It is to be understood that the surface area of the catalyst as set forth in the description of the invention and the appended claims are derived by the well-known mercury intrusion technique. This method may be used for determining the pore size distribution and pore surface area of porous substances by mercury intrusion using a Micromeritics Auto Pore 9200 Analyzer. In this method, high pressure mercury is forced into the pores of the catalyst particles at incrementally increasing pressures to a maximum of 413,700 kPa (60,000 psia). Pore volume readings are taken at predetermined pressures. A maximum of 85 pressure points can be chosen. Accordingly by this method, a thorough distribution of pore volumes may be determined.

The effect of calcination of an alumina base especially at the elevated temperatures disclosed in this invention is to densify the alumina base. The densification, i.e. increase in ABD, is caused by a decrease in the overall catalyst pore volume. In addition, the high calcination temperatures cause the existing pores to expand. To accomplish this apparently contradictory mechanism, the catalyst necessarily contracts in size while the existing pores expand. By expanding, the mouths of the existing pores increase so that they become less likely to be plugged or restricted by coke build-up.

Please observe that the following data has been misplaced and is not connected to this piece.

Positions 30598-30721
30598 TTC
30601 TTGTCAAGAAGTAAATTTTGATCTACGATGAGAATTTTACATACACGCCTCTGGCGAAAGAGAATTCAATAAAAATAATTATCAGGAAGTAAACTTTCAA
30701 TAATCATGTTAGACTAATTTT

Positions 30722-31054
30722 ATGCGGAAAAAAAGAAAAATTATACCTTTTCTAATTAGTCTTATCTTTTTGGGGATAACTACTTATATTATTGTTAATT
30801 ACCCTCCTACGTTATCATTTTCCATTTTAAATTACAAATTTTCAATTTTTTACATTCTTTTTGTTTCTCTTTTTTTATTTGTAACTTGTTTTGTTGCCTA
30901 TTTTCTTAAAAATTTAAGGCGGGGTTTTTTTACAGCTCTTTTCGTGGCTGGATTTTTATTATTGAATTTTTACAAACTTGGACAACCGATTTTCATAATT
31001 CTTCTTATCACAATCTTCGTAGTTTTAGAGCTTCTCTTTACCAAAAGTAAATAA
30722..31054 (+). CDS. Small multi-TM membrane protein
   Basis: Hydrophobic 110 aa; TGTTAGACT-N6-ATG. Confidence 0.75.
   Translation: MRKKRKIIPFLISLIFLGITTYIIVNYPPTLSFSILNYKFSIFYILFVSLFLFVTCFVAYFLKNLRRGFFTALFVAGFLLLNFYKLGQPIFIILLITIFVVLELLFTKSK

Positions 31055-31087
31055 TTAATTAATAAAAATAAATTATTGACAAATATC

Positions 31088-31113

It is preferred that the alumina component is essentially theta-alumina. By “essentially theta-alumina”, it is meant that at least 75% of the alumina crystallites are theta-alumina crystallites. The remaining crystallites of alumina will likely be in the form of alpha-alumina or gamma-alumina. However, other forms of alumina crystallites known in the art may also be present. It is most preferred if the essentially theta-alumina component comprises at least 90% crystallites of theta-alumina.

As explained, the theta-alumina form of crystalline alumina is produced from the amorphous alumina precursor by closely controlling the maximum calcination temperature experienced by the catalyst support. Calcination temperatures ranging from 800° to 950° C. are known to produce alumina comprising essentially crystallites of gamma-alumina. Calcination temperatures of 1100° C. and above are known to promote the formation of alpha-alumina crystallites while temperatures of from 950° to 1100° C. and especially from 975° to 1050° C. promote the formation of theta-alumina crystallites.